Trying Something New: Barre Class

Like many little girls, I imagined being a ballerina. The flowing movements, the lithe bodies, the pink satin slippers–I saw them as a perfect mix of elegance and athleticism. I still do, but now I have a better understanding of the punishing work ballet dancers do in order to turn their bodies into one long, lean muscle.

These things were all on my mind when I went to my first barre class at a studio near my home. The class was only 45 minutes, shorter than most of the ones on the schedule. I hadn’t been to a fitness class of any kind in several years, so I had no idea how much stamina I would need for even a short class.

When I signed the waiver for the first session (free!), the instructor asked, “Have you done a barre class before?”

“No, but I’ve done barre and pilates videos at home,” I said. Which in my own head now sounds like, “No, but I’ve watched Black Swan.”

The instructor, S, made a noncommittal interested noise and said, “Well, take your time and watch for any modifications.” I appreciated her lack of judgment.

I changed into a pair of clean grippy socks available gratis for the class. The tops of the socks were made of netting and woven through with sparkly bits that caught the light. I instantly felt more elegant and began to get into my ballerina mindset, making a mental note to get my own sparkly socks if I liked the class.

Other women arrived, all of them familiar with the set-up routine. I followed their cues and tried to mimic the vibe. We each demarcated our own working space in the studio with the equipment that S had listed on the wall: weights, bands, a ball. The studio floor was completely covered in grey mats, and two of the walls were mirrored floor to ceiling. Waist-high bars bracketed three of the walls. I began to relax and stretch as a bright, energetic pop song played over the room’s speakers.

S started us with deep squats, bicep and tricep curls, flies, and shoulder blade lifts. Then we moved into isolating the leg and thigh muscles. I learned quickly that every angle of a muscle would be forced to squeeze and release, moving from larger to smaller movements requiring tighter moves and increased intensity. When S moved us to the floor for abs and back work, I breathed a sigh of relief, but this part of the workout turned out to have the longest-lasting effects. My abs were sore for days any time I laughed, coughed, or sat up.

I went home and ordered my own grippy, glittery socks that night. Since then, I’ve learned something new at every class about what my body can do and been surprised at the strength and stamina that I am capable of. I’ve learned that soreness is part of the work, and it’s inescapable if you are truly pushing yourself. Out of necessity, I’ve made it a priority to stretch throughout the day to keep my muscles from growing stiff. Going to barre class has given me an appreciation for the way that trying something new adds vibrancy and passion to everything else in my life.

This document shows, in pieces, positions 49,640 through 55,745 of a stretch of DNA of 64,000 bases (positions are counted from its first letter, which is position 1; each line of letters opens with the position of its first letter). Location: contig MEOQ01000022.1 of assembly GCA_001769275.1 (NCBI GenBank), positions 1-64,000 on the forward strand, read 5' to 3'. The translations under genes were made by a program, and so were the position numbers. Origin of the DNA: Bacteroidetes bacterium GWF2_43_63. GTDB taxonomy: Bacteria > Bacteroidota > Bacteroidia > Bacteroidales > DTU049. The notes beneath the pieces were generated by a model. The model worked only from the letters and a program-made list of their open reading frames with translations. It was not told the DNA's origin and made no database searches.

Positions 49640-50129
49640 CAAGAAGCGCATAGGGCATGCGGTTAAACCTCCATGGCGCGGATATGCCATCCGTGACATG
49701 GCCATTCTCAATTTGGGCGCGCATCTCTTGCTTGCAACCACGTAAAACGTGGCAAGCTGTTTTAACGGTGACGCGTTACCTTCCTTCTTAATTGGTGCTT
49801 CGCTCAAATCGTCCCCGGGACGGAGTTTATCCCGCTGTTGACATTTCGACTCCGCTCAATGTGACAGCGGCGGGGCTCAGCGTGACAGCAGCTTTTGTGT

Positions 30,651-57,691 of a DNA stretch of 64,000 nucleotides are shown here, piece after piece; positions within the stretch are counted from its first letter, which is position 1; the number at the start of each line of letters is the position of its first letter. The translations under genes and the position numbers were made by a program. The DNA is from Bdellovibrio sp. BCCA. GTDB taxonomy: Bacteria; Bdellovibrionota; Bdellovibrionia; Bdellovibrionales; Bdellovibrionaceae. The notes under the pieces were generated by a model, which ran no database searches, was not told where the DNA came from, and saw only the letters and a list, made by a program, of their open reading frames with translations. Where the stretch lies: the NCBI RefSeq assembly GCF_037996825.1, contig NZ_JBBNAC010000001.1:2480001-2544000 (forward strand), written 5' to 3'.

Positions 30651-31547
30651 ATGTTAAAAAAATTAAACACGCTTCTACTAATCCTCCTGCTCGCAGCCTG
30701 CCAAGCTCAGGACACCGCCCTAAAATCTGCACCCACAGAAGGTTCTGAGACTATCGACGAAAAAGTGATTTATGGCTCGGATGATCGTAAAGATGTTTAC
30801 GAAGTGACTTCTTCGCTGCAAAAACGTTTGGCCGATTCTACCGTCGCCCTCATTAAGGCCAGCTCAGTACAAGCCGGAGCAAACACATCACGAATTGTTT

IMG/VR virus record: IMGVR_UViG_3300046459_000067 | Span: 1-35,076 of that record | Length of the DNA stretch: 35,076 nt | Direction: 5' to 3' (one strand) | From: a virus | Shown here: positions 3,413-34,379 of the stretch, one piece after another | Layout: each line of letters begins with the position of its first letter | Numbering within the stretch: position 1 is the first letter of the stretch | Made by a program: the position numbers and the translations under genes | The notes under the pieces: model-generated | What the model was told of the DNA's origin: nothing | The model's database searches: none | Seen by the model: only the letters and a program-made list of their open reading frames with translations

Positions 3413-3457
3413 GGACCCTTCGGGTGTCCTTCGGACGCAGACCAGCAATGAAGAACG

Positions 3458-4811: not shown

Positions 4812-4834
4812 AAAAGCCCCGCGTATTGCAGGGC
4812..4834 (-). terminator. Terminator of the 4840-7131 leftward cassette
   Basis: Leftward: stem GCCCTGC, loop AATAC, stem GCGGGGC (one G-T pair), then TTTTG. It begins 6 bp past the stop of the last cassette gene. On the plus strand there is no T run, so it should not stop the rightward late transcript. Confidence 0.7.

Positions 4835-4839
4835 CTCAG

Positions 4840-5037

Colorado Cabin Fever Survival Guide – Part 1

This past weekend, Denver had several inches of snow. A little early for October but not unheard of. I spent Sunday morning resisting the instinct to laze around and slow down before remembering that Colorado winter days are for those exact things.

These are some of the routines and patterns that I use to survive Colorado cabin fever.

1. I like to move it, move it.

Whether it’s dancing to up-tempo music, taking a walk (or a run) around the block, or finding a cardio video on YouTube, move around. The endorphins from the exercise help your brain feel happy and clear your head. Repeat as often as needed. On snowed-in days, short, frequent bursts of physical activity work better than a 30-45 minute workout with no other exercise during the day. Move early, move often.

2. Play musical chairs with your to-do list.

On days when cold and snow have you stuck inside, don’t exacerbate it by sticking to the same task for too long. Take your to-do list and set a timer on your phone for 30 minutes. When the timer goes off, switch activities or tasks whether or not you’re finished with them. Frequently changing tasks makes the time go quickly and keeps you from having to use too much stamina.

3. Plan meals with the season.

If it’s winter, then it’s soup weather. Hot soup helps keep you warm and focused on those long cold days. This is the time of year when root vegetables, squash, and tubers are the freshest and cheapest produce. Chicken stock as a soup base will fortify your immune system during cold and flu season as well. Habitually drinking hot tea or coffee will also warm you up throughout the day and give you little rituals to look forward to.

4. Invest in winter gear.

During the winter, you can’t always stay inside under mounds of blankets. Invest in the appropriate winter gear to keep you warm and dry outside. This means you need at minimum a warm coat, snow pants, snow boots, gloves, and a hat that covers your ears. Being able to dress warmly will give you the freedom to spend time outdoors no matter the weather. And having the ability to spend time outside in winter is key to not feeling like a prisoner of winter.

 

Three to four months of winter can be daunting, but with some planning and willingness to change your routines for the season, you will enjoy slowing down to enjoy a Colorado winter.